Date: Friday, November 6, 2020
Session Title: Systemic Sclerosis & Related Disorders – Clinical Poster I
Session Type: Poster Session A
Session Time: 9:00AM-11:00AM
Background/Purpose: Systemic sclerosis (SSc) patients have a prominent neutrophil gene expression signature. However, investigations into the pathophysiologic role of neutrophils in SSc are lacking. This is predominantly due to their limited survivability in vitro and the significantly lower proportion of neutrophils in rodent serum compared to humans. These limitations highlight the need to directly study the role of neutrophils in SSc using human specimens. In this study, we examined the prognostic significance of neutrophil count in the Scleroderma Lung Study (SLS) II.
Methods: Neutrophil counts were prospectively obtained at the baseline visit of SLS II. All subjects had clinically significant SSc related interstitial lung disease (ILD) and had a disease duration less than 7 years. Baseline neutrophil count was log-transformed with a base of 2 in all analyses. A joint model combining mixed effects and survival models was used to examine the relationship between baseline blood neutrophil count and serially obtained % predicted forced vital capacity (FVC%) as well as modified Rodnan skin scores (mRSS) from 3-12 month visits after adjustment for baseline disease severity and treatment arm. Cox proportional hazards models were created to evaluate the association between neutrophil count and long-term mortality.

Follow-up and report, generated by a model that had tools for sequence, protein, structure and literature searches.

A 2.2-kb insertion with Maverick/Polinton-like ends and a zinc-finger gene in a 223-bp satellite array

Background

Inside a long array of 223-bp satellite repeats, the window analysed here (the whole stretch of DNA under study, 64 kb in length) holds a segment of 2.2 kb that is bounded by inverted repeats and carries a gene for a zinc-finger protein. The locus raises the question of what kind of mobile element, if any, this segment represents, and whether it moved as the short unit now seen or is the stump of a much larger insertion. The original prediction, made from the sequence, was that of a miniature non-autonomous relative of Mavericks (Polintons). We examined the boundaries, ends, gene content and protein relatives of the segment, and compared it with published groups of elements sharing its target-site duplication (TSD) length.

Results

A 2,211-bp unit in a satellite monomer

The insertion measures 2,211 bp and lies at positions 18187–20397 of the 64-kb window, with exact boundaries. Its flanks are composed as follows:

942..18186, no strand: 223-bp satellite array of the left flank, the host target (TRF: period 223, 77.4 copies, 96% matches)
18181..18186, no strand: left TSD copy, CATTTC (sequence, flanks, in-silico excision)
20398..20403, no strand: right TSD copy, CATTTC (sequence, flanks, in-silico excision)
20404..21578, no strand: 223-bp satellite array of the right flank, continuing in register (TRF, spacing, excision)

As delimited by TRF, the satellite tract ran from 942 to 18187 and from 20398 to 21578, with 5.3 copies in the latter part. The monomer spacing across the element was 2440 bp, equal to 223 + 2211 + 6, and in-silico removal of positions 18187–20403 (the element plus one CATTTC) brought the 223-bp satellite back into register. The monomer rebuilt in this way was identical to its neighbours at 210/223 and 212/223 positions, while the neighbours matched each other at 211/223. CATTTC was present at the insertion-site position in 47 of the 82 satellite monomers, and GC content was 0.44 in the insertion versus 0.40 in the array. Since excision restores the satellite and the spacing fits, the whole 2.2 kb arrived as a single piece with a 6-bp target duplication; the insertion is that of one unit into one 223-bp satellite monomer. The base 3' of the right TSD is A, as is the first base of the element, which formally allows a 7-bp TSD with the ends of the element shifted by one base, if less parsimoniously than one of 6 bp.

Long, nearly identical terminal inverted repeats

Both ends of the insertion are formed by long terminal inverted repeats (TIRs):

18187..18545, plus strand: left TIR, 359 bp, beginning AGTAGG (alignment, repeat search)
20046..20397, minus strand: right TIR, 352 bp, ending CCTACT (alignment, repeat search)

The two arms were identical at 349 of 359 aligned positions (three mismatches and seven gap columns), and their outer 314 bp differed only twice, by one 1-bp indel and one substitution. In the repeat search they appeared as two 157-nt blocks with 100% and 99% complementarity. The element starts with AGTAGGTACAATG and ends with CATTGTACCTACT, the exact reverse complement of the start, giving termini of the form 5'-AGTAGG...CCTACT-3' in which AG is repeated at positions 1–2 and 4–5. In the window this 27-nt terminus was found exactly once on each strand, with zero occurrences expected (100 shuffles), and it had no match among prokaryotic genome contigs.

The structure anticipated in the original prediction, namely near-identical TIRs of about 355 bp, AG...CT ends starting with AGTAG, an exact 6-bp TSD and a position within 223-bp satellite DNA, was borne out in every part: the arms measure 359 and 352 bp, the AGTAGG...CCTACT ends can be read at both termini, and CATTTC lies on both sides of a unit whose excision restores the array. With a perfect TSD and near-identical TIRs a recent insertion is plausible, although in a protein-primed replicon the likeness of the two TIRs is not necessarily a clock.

Results: Of the 142 patients enrolled in SLS II, 134 (94.3%) had an available baseline neutrophil count. The majority of patients had diffuse cutaneous disease (59%) and mean disease duration was 2.6 years (±1.7). Higher neutrophil count predicted worsening of SSc-ILD based on the course of the FVC% from 3-12 months (p=0.030 – Table 1). Neutrophil count did not predict changes in mRSS. Baseline neutrophil count predicted an increased risk of mortality after adjustment for age (HR=2.02, 95% CI [1.02, 4.01], p=0.045-Table 2). The median follow-up time was 3.4 years with IQR (2.9, 4.6) for the mortality analysis. Both findings were independent of treatment arm.
Conclusion: Higher neutrophil count predicted worse ILD course and higher long-term mortality in patients with SSc-ILD. Our findings were independent of treatment with cyclophosphamide or mycophenolate. Neutrophils, largely under-investigated in SSc, might play a role in pathogenesis of SSc and warrant further mechanistic studies. Furthermore, baseline neutrophil counts may serve as a useful prognostic marker of disease progression.
To cite this abstract in AMA style:Wareing N, Li N, Volkmann E, Lyons M, Roth M, Tashkin D, Assassi S. Serum Neutrophil Count Predicts Progression of Interstitial Lung Disease and Mortality in Patients with Systemic Sclerosis Related Interstitial Lung Disease [abstract]. Arthritis Rheumatol. 2020; 72 (suppl 10). https://acrabstracts.org/abstract/serum-neutrophil-count-predicts-progression-of-interstitial-lung-disease-and-mortality-in-patients-with-systemic-sclerosis-related-interstitial-lung-disease/. Accessed November 29, 2020.
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ACR Meeting Abstracts - https://acrabstracts.org/abstract/serum-neutrophil-count-predicts-progression-of-interstitial-lung-disease-and-mortality-in-patients-with-systemic-sclerosis-related-interstitial-lung-disease/